Are in-person academic communities luxury goods?

Since I began posting as a guest on Concurring Opinions at the beginning of March, “MOOCs” – massively open online courses – have been repeated topic. The blog search engine reports that the term did not appear on the blog until 25 Feb 2013; in the six weeks since, MOOCs have been a topic herehereherehereherehere, and, in Deven Desai’s interesting post two days ago, here. Deven says, and I agree, that the aggregation of students together inside an immersive academic, learning community is a real good, and one that cannot be duplicated by a set of MOOCs. But the question MOOCs make pressing is how to value that good, once it can be unbundled from training in the classroom. Nannerl Keohane, in a recent review in Perspectives on Politics (11:1, March 2013, p.318), says that “online education … is the easiest and cheapest way to learn a variety of subjects, especially useful ones,” and describes it is the contemporary analogue of “mutual-aid societies and lyceums.” This seems apt.

University insiders like to say that even unbundled academic community is indispensable, and should be subsidized by both state and university. I suspect that the marketplace will put a much lower value on it. State legislators, ever strapped for cash, will likely do so as well. There will still be a market for 24/7, bricks-and-mortar academic communities; but the online availability of downmarket, imperfect, but genuine partial substitutes will mark such communities more clearly as luxury goods. Once such luxuries are no longer inexorably bundled with direct instruction, the argument that they still deserve state or even philanthropic subsidy is not, it seems to me, a slam-dunk.

Deven posted that the key question is how to “leverage MOOCs and other technology to improve the way education is delivered while not offering only the virtual world” but also social context to those not in the luxury-goods market. Another way of phrasing that question is to ask whether there is a mid-market good, somewhere between the aggregation of naked MOOCs and the bricks-and-mortar private college, that could command interest in the marketplace and justify third-party subsidies. What features of the “code” of online courses – the way that they are presented, taught, bundled together, and converted into credentials – might be adjusted to create a closer approximation of an immersive community, without sacrificing the advantages virtual teaching offers in terms of access over distance, asynchronicity, economies of scale, and cost?

You may also like...

2 Responses

  1. Ryan Calo says:

    During World War II, Japan stopped exporting silk to the United States. We needed silk for parachutes so the government reportedly banned silk stockings. This led to a fad in which women applied makeup to their legs, sometimes drawing a seam with eyeliner to create the appearance of stockings. The innovation was bottled as “leg makeup” and some people probably made a lot of money. Later, when supplies of silk returned, most women returned to ordinary stockings.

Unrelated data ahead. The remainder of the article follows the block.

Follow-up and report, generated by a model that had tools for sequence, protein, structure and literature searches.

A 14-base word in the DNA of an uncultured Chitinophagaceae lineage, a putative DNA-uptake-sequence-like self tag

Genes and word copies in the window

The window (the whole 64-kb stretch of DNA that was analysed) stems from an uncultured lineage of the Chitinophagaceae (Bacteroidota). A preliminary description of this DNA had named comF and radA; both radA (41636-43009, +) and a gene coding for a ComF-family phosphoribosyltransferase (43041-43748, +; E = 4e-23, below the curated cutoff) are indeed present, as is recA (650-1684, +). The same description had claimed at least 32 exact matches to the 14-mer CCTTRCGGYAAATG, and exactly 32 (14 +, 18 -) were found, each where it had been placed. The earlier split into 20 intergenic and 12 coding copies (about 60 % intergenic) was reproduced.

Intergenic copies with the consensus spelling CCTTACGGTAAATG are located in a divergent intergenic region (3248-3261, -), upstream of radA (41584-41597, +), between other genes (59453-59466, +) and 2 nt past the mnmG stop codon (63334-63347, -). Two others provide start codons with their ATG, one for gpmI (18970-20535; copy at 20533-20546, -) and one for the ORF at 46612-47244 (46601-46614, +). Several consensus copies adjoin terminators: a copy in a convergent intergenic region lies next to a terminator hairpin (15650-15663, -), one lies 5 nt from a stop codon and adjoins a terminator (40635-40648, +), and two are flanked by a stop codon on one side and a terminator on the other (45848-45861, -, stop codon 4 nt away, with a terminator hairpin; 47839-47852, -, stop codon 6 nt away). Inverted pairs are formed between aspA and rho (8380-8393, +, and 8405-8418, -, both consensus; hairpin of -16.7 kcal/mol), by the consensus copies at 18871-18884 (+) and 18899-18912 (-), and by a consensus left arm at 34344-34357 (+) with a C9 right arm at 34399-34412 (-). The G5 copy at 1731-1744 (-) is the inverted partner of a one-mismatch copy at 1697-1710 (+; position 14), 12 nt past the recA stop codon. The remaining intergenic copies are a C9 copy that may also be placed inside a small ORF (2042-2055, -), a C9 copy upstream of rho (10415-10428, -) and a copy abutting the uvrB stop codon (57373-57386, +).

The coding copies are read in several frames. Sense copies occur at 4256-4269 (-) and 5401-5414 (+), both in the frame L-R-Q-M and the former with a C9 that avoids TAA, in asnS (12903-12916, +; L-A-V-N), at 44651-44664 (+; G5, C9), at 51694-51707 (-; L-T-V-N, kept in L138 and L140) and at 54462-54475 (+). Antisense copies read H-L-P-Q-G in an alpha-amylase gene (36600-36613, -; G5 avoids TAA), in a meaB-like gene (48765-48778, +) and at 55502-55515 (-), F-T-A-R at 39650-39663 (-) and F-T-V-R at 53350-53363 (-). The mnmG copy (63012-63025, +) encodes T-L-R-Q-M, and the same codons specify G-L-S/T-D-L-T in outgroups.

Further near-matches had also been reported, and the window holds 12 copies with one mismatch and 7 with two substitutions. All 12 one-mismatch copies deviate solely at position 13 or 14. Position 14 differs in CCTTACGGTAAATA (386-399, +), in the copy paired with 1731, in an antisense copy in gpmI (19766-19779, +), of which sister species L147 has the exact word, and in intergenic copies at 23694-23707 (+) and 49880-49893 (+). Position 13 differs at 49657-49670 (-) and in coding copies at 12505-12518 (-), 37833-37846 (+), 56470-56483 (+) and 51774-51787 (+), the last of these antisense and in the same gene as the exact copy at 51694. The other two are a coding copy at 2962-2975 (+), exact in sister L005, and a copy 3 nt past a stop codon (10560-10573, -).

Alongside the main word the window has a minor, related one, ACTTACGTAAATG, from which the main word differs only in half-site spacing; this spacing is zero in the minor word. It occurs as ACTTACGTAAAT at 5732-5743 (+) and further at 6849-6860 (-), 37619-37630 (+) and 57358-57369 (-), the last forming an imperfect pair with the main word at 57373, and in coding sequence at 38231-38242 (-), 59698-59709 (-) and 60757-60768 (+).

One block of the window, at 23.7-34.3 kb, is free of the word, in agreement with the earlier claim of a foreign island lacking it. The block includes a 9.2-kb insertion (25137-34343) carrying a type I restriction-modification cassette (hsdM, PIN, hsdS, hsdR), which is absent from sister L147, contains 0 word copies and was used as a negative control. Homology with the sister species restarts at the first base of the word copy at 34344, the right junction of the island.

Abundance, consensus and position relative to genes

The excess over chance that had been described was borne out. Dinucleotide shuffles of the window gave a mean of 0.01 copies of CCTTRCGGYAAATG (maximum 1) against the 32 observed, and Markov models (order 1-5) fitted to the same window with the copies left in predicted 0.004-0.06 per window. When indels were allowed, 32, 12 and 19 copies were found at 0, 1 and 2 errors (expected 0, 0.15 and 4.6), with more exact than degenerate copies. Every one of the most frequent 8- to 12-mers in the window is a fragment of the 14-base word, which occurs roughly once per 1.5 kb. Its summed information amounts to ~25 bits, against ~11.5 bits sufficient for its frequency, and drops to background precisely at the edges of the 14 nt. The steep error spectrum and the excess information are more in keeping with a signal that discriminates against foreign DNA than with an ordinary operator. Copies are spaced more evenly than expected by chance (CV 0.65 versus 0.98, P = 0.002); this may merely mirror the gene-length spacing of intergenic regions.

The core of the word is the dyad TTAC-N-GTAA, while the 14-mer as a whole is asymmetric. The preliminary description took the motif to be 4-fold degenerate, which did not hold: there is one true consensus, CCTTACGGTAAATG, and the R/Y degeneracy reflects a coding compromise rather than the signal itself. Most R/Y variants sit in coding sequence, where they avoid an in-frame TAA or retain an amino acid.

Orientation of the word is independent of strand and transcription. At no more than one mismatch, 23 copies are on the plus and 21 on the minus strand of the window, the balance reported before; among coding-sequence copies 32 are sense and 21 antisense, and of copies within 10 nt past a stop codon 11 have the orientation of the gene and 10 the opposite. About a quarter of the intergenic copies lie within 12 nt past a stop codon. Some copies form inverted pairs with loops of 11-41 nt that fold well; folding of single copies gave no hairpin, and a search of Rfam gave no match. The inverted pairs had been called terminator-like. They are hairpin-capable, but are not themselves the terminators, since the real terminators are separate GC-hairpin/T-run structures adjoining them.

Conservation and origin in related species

Maybe MOOCs are leg make up—an innovative substitute brought on by the crisis of the day. We are not talking about a new technology here, after all, only a recombination, and the market failure will not necessarily prove permanent. If that’s right, then schools should invest just enough in MOOCs to make it through these hard, silkless years… not embark on a project to radically redefine the nature of higher education.

  2. A.J. Sutter says:

    Through its diction and the categories it employs, your post seems to undermine its own goals. The vocabulary is almost entirely from industrialized production: “aggregation” of students, “bundling” of community and instruction, speaking of community as a “good” (and not, e.g., as a service). Government support of education is described as a “third-party subsidy” intruding into the “marketplace” — rather than, say, as a duty of government with a long historical tradition. To say nothing of your acceptance of characterizing “community” as a “luxury,” motivating the search for a “mid-market good.” Although you seem to want to preserve the community aspects of university education — or at least an “approximation” of it — you’ve framed the issue in a way convenient to your opponents.

    At a minimum, the characterizing of education as a “good” rather than a “service” pulls in the inappropriate notion of productivity. There are some good arguments why productivity isn’t an appropriate notion for most services; e.g., economist Jean Gadrey, emeritus at the University of Lille and a member of the Stiglitz Commission formed by former French President Sarkozy, has written often on that point.

    In the meantime, a simple answer to your question about “a mid-market good, somewhere between the aggregation of naked MOOCs and the bricks-and-mortar private college, that could command interest in the marketplace and justify third-party subsidies” is government-subsidized brick-and-mortar *public* colleges and universities. A lot of the problem that both this post and MOOCs are trying to address has been caused by our taking it for granted that government should get out of this activity, especially because we can’t afford to subsidize it. In this context, another drawback of your economistic jargon becomes apparent: it obscures the very *political* connection between these pleas of government poverty on the one hand, and the trillions of dollars spent on, say, wars in the MIddle East. For those interested in the future of education, a better question to ask might be whether such wars are the luxuries we should be concerned about.